• Contaminated water
  • Water stored for a very long time

How can I make sure water is safe to drink?

The prevalence of pathogens in drinking water reveals the potential origins of human and animal waste. Microorganisms can contaminate water at the source, during transportation, as well as during distribution and poor hygiene practices. Additionally, lower drinking water quality can result from elevated iron, manganese, and arsenic levels.5,6 Typhoid, polio, cholera, dysentery, diarrhoea, and typhoid fever are a few of the illnesses associated with bad drinking water quality.1 Children may suffer developmental abnormalities and harm to their neurological systems from hazardous water contaminants such as manganese, lead, and mercury, even at low concentrations.6

Minerals in drinking water benefit human health during growth and development; however, beyond the accepted limit, it causes diseases. To ensure that your water is safe to drink, you may follow these best practices:

  • Be sure of the source of your water and that it conforms to WHO guidelines for the quality of drinking water; you may study the label of your bottled water to confirm this. Also, check to know if the water undergoes quality assessment, how often they are tested and if the tests are available to the public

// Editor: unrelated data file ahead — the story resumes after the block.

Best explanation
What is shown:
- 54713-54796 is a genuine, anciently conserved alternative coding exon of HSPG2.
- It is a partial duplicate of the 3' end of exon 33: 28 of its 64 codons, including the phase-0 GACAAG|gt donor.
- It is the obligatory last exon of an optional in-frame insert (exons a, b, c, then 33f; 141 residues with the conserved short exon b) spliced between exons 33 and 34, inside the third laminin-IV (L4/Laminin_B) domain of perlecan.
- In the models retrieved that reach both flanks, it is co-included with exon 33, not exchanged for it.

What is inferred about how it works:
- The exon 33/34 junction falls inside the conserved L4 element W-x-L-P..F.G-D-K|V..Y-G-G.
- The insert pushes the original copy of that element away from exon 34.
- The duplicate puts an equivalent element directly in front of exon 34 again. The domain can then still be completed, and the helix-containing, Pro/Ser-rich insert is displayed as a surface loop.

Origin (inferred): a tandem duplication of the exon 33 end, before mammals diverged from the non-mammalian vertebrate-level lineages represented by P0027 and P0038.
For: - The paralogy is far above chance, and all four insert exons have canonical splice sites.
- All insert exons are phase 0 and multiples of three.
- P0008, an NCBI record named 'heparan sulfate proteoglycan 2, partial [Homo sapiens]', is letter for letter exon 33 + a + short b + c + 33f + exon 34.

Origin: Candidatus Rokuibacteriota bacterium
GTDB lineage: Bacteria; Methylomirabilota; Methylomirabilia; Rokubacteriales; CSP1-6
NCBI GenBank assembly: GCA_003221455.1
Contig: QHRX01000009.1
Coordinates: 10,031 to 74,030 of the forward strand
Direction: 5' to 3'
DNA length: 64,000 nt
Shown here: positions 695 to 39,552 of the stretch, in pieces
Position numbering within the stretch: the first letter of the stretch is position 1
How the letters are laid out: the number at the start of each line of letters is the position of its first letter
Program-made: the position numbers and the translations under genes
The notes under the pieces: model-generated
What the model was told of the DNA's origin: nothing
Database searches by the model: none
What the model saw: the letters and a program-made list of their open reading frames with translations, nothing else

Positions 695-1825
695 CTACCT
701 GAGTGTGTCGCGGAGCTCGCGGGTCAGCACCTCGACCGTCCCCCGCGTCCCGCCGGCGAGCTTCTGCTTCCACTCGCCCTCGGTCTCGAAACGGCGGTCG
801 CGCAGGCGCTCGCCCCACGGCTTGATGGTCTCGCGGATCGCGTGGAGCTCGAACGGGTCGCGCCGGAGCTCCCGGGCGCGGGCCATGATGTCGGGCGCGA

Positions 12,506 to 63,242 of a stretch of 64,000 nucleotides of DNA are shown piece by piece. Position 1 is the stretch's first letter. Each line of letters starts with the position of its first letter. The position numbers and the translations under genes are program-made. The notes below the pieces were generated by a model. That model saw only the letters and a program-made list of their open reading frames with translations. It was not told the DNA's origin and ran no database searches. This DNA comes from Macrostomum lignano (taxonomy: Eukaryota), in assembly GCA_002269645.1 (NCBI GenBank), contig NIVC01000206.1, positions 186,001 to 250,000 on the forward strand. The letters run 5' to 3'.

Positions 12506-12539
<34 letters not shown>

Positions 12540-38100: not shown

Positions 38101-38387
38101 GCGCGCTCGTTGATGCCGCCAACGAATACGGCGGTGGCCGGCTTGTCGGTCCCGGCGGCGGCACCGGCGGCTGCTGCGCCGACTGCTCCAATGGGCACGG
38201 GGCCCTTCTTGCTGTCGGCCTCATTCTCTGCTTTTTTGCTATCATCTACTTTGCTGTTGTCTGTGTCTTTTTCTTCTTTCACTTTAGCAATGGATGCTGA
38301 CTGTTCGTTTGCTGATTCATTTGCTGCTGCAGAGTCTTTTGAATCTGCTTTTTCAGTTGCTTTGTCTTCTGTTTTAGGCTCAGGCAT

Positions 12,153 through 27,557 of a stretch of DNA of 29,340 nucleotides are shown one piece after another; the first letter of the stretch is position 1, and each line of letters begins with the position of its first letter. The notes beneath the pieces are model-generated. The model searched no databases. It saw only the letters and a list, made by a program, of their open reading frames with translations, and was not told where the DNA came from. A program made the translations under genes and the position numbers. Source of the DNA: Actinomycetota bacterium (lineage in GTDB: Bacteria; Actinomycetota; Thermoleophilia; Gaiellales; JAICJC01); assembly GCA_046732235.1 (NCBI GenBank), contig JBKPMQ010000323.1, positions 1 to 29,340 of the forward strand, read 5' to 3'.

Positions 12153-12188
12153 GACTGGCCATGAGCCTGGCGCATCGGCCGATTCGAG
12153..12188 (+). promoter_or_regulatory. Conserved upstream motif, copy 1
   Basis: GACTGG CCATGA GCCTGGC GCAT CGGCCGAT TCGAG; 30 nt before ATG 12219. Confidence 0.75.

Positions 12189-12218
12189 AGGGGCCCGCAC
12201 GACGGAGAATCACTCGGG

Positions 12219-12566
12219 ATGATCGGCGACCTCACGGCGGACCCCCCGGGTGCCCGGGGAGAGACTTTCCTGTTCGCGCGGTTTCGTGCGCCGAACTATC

• When storing your water, keep it in a clean and airtight container to protect it from contamination. You should use high-quality, heat- and chemical-resistant water containers instead of inferior glass or plastic bottles. The chemicals in plastic bottles may leech into your water when exposed to high temperatures
  • When you open a bottle of water and drink directly from it, consume it within 2-3 hours because it may not be safe afterward. Your saliva may have introduced microorganisms that will start incubating and multiplying. If you open and pour it into a cup, close the bottle tightly, keep it in your refrigerator and ensure it is consumed within 3-5 days
  • You can treat your water at home using a water filter to eliminate any leftover contaminants.

What is the best water to drink?

Which water you drink is determined by your financial circumstances, preference and your dietary needs. The WHO drinking water quality recommendations state that exposure to both high and low pH values irritates the eyes, skin, and mucous membranes, so when choosing which fits your needs, do ensure that the water is slightly alkaline with a pH of about 7.4.6